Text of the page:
"When what was called the Winnebago war was threatened, John Rhodes called out the company of men of which he was captain and responded to the call made by the Governor for troops; but the matter was soon settled and the troops never took the field.

During the Black Hawk war, which occurred a few years afterwards in 1832, Major McClure and Captain Rhodes called out a company, of which McClure was chosen captain and Rhodes first lieutenant. They marched to Dixon where they arrived the evening before the fight at Stillmau's Run. After the fight they moved with the rest of the army up to the battleground and helped to bury the dead. From there his company went to Indian Creek where the families of Davis, Hall and Pettigrew were massacred. These they buried and John Rhodes himself carried out their bodies. It seems that these people had been told of the coming of the Indians; but Davis, who was a blacksmith and a man of great strength and courage, refused to heed the warning. When the Indians came they found him at a building at work and the families in the house. The families were massacred almost without resistance, but Davis had his gun with him and fought with desperation. He was found covered with a hundred wounds and his gun was bent and twisted in every direction. Shortly after the burial of these families the troops were discharged, and the army was re-organized, and John Rhodes and the most of his company came home.

In early days great attention was paid to military drill. At first a company was organized under the militia law of the State, and Mr. Rhodes was chosen captain; but afterwards the country became so well settled that the company grew to a regiment, of which Merritt Covel was- chosen colonel, Robert McClure was made major and A. Gridley, adjutant. The regiment was obliged to drill five times a year, and whoever failed to come to training was court-martialed. On these occasions the colonel presided and in his absence the eldest captain, which was John Rhodes.

Mr. Rhodes takes great pleasure in calling to mind the scenes of the early settlement. He helped to build the first mill on his father's place in 1825, with the grinding stones of nigger- heads. He has been a great hunter and often killed deer and wolves where the court house stands. While bringing up a lot of hogs from Sangamon County, he was followed by a wild boar, lie shot the animal twice without killing it, when it attacked him and he was obliged to climb a cherry tree to escape. The wild hogs had once been tame, but had lost all the qualities of domestic animals, and were as wild as if their swinish ancestors had never known a pig-pen.

Mr. Rhodes was a natural hunter, and a sharp marksman and never felt' the cold tremors or " buck ague " come over him when about to shoot. He was a man of steady nerve, and when his finger pressed the trigger the gun was covering the game. In his early youth he was a hunter. At one time while living in Ohio, and only seventeen or eighteen years of age, he was called to help kill a bear, which had been found not far away. The dogs drove the bear into a swamp and brought him to bay, and when Mr. Rhodes came up, the animal climbed a tree, the dogs hanging to him until he was ten feet high. The bear's jaw was broken by a shot and he came down when the dogs pitched into him. Mr. Rhodes joined in the melee, and struck the bear in the forehead with a tomahawk. The weapon stuck fast and the bear raked Rhodes' arm from the shoulder down. He succeeded in loosening it and struck again, when it again stuck fast, and he received another rake from the shoulder down. Then a hunter, who was looking on, called out: "John, a little lower," and Mr. Rhodes struck the bear just above the eyes, which killed it.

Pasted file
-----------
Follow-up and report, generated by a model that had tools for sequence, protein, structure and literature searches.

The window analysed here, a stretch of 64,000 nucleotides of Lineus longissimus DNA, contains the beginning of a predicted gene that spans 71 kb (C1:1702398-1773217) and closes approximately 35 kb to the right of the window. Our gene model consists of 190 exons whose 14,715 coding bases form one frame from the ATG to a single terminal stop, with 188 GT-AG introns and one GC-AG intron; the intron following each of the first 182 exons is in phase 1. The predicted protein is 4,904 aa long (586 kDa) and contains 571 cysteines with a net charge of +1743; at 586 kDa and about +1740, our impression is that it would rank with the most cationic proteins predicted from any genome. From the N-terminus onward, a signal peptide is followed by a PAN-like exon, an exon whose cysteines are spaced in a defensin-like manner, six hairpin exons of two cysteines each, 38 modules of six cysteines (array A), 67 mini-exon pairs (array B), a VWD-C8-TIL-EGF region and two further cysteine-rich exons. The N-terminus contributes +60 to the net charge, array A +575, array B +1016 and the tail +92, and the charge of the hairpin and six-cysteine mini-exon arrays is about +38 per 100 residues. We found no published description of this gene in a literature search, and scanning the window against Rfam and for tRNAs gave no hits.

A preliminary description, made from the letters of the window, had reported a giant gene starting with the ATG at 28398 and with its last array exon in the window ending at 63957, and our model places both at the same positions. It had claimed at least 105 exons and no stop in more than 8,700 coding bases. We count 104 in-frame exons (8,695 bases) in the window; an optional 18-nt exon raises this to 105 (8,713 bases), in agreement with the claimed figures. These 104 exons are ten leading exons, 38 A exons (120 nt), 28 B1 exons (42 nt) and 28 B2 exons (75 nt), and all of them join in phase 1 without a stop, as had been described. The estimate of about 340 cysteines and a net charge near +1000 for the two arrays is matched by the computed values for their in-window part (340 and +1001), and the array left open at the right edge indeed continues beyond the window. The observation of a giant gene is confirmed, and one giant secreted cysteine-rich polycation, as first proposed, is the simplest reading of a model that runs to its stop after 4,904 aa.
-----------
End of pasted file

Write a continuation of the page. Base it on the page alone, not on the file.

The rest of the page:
Unlike most hunters, Mr. Rhodes has acquired a great deal of property. He has purchased in all about two thousand acres of land and has five hundred acres under his own management.

John Rhodes is fully six feet in height and was formerly very straight and muscular. Although he is now far advanced in years, his eyes have a bright, expressive look when he is interested in anything. He is a good business man, and has as much confidence in his ability to manage his financial aft'airs as in his ability to kill a deer or run a wolf. He appears younger than he is, and seems to be in the full possession of all his faculties. It would appear that he has many years yet to live, and his great vitality would even now bear him up under many hardships.

John Rhodes has been married three times, and has had thirteen children, seven of whom are living. lie first married Mary Johnson, who died December 15, 1845. Five children of this marriage are living. They are :

Cynthia Ann, wife of Benjamin Turnipseed, born July 28, 1819, lives at the head of the Mackinaw.

Caroline Bellew, wife of William Bellew, was born February 6, 1823, and lives at the head of the Mackinaw.

William J. Rhodes, born February 16, 1825, lives a mile east of his father's.

Emily Brewster, wife of John Brewster, was born June 21, 1827, and lives one mile south of her father's.

Aaron Pain Rhodes was born April 28, 1833, and lives one and a half miles southeast of his father's, on the Leroy road.

John Rhodes married the second time to Mrs. Mary Ann Yazel, a widow, and by this marriage has two living children. They are:

Samuel M. Rhodes, born September 16, 1850, and Cinderella Rhodes, born August 15, 1852, live at home.

John Rhodes married, the last time, Mrs. Maria Ensminger, a widow, on the 13th of March, 1863. They appear to take the world comfortably. Mrs. Rhodes is a wide awake lady. She takes a great deal of interest in the history of other days, and is one of the most agreeable of women.